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Our children learn more from what we do than from what we say. They are little lawyers constantly looking for evidence to support what we claim is the truth. Don’t believe me? Try reprimanding your child with a smile on your face and see how effective it is. They watch us to see if we truly mean the words we speak. I cannot fully tell my child to believe in herself when it is evident that I do not believe in myself. I cannot tell her to love her hair and it is obvious to her that I am ashamed of mine, or see it as my casual style, but not appropriate for “dressy” occasions.

Have you seen the news story by WPTV News that speaks about the reasons many Black women are “going natural?” I truly commend Rochelle Ritchie for publicly addressing this topic and the huge commitment she made. This video really stirred me because it speaks of a mother with straightened hair who was raising her beautiful daughter with natural hair. She spoke of how her daughter was being teased at school every day and wanted to have hair like her mom’s. At some point, this loving mom was touched by her child’s pain and made a decision that I wish more moms would consider. She decided do the “big chop” in support of her child and began to wear her hair naturally!

We have to teach our kids by example, and they need to know that they are beautiful as is. We can speak it all we want but we are not showing it if our go-to style is always silky straight. They know better; they know when we don’t believe what we say. I want more for my daughter than that. And I want more for your children, as well. That’s why wrote I’m Proud to Be Natural Me!

Let’s lead by example: drop the weaves and lace fronts. Those styles are destroying more than just our hairlines; they are killing our children’s self-esteem. Let’s commit to loving ourselves openly before our children. If we don’t teach them, who will?

Marlene Dillon, author of I'm Proud to Be Natural Me! Available on Amazon.

Marlene Dillon is the author of I’m Proud to Be Natural Me! a beautiful picture book that teaches children to embrace their natural beauty. It is her passion to empower children and their parents with the message that “we are ALL beautiful as is.”  I’m Proud to Be Natural Me! is available on Amazon, click this link to visit the site. For bookings and to order books for your store, please email improudtobenaturalme@yahoo.com.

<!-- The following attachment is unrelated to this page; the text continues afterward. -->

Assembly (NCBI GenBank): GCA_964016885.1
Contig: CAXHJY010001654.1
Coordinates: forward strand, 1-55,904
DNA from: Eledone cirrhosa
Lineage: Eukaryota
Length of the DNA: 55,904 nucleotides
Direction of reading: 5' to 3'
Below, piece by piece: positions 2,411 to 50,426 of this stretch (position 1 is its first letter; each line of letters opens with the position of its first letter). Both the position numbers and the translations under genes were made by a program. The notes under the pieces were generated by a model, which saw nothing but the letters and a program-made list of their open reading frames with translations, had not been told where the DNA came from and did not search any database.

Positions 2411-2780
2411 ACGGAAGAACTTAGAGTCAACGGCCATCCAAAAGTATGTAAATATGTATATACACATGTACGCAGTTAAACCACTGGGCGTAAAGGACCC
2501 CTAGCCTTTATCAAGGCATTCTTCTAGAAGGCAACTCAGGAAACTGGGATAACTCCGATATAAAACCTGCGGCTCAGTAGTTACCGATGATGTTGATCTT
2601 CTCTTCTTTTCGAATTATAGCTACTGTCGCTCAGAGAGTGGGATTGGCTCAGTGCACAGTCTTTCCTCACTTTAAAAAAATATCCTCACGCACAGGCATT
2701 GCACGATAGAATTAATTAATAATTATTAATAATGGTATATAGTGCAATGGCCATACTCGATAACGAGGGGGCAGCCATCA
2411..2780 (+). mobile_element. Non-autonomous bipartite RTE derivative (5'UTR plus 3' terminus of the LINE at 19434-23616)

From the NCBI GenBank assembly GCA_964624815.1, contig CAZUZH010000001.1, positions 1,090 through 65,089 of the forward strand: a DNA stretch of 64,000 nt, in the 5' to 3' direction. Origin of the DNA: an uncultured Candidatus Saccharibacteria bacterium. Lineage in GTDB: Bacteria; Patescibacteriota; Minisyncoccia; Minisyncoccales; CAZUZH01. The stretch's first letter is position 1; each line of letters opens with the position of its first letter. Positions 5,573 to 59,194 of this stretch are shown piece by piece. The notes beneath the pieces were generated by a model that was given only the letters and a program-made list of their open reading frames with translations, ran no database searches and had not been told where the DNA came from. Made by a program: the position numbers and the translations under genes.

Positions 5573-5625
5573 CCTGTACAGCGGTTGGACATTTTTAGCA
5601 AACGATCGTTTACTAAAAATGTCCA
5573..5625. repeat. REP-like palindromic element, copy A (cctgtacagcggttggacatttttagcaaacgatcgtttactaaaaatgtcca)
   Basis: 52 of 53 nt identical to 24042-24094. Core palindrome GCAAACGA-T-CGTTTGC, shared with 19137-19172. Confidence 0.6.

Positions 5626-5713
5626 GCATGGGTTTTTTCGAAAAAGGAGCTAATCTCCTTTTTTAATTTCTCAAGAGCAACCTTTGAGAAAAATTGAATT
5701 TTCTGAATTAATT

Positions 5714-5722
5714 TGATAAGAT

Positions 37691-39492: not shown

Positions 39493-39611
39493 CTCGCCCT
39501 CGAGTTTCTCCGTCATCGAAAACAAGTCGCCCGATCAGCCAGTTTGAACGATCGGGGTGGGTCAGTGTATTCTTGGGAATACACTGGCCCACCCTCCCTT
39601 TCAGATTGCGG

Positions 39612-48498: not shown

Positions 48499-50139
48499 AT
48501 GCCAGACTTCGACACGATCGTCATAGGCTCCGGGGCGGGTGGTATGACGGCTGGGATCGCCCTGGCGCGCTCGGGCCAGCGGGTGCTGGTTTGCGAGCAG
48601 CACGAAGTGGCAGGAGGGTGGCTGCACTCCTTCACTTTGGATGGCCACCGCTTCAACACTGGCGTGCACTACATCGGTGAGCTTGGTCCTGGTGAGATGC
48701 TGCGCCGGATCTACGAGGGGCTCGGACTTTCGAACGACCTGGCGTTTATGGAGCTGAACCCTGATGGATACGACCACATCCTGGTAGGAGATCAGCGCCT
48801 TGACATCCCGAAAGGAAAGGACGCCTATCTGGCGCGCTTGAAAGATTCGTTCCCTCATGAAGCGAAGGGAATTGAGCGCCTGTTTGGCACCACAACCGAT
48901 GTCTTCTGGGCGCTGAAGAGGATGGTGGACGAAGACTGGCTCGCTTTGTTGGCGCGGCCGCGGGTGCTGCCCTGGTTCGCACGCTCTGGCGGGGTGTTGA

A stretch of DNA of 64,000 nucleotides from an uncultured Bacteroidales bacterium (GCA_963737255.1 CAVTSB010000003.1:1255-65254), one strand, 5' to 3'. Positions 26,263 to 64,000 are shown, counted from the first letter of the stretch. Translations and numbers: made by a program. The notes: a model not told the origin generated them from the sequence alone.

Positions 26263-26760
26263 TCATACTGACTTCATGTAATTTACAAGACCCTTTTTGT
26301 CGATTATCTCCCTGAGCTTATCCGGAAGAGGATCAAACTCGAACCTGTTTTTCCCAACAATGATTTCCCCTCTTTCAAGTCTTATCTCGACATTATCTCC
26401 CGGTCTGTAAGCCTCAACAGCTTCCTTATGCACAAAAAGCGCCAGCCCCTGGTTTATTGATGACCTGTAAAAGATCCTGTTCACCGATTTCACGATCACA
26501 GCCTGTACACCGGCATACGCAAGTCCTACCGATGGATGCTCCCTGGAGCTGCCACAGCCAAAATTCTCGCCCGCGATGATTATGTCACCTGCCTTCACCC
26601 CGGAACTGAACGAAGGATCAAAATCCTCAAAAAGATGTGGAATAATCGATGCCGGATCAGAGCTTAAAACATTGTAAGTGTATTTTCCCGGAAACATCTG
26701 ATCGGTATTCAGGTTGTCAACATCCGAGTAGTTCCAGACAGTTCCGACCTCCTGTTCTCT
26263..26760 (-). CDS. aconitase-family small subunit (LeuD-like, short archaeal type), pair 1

I Believe in My Book

“I want to spend the rest of my life loving my daughter and inspiring others. That is what I was created to do.” —Marlene Dillon

 If I see a sad cashier at Target, I’m in her line trying to encourage her. If I see a little girl with curly hair, I have to stop and give her a book. Empowering others is not just what I do, it’s who I am. I wrote I’m Proud to Be Natural Me! to give children an opportunity to learn that they are beautiful as is. Many parents don’t think to teach their children to be confident in themselves. It doesn’t happen automatically. My book is an amazing tool for starting that conversation.

I am very proud of the work I’ve done with little to no money, and I know I could have a much greater impact, if I had the resources. I wrote, illustrated and self-published I’m Proud to Be Natural Me! with no money in my pocket and my little girl sleeping across my lap. I am recently separated, sleeping in my parents’ basement, but the message is so necessary, and there’s no more time to waste—children need to know who they are and parents need to know how what we say and do impacts their self-worth. My book has provided me an awesome platform to hold workshops at public libraries, speak in schools and meet the most amazing people at networking events. Thanks to my current job as a teacher’s assistant, I have been able to purchase books (25 or so at a time) to present at fairs and various events. Although, the lack of funds has caused me to turn down numerous opportunities to share my message, I continue to share, network, and speak where I can.
I believe in my book. For all the children who require their parents to read I’m Proud to Be Natural Me! to them every night, for the little 4th grade girl I spoke to in a classroom who said, “I used to believe I was ugly, but now I know I’m beautiful,” for the child who’s likely never seen someone who looks like her on the cover of one of her books, and for the countless times parents have come up to me at events thanking me for writing it, I know it is necessary. I know it is a message that needs to be shared. And I know I cannot do it by myself.  As I sit here with tear-filled eyes desiring so desperately for the resources to reach more children, to visit other states,speak and hold workshops, and even to continue to give books to those who can’t afford it, I ask how you will you help me accomplish my dream? You can share, you can give, you can ask others who you know have the resources and would love to support what I’m doing to read this for themselves. However you can help, I ask you to because this is bigger than me. This is bigger than a single mom who wants to give her daughter her own room and a puppy. This is about the lives I was created to affect for positive change. I cannot do it without your help. Will you please give a $5 donation to my FundRazr and tell others of the work I’m doing? Please give and share, there is a link below.

Thank you for your time and thank you in advance for your support.

With much love and inspiration,

Marlene

Here’s the link to my FundRazr: http://fnd.us/c/2MCJ3/sh/6waf0

Next Event: Children’s Empowerment Workshop, Saturday, Dec. 21, 11—2, Woodson Regional Library (Chicago)

Check out my new promo video and please share below!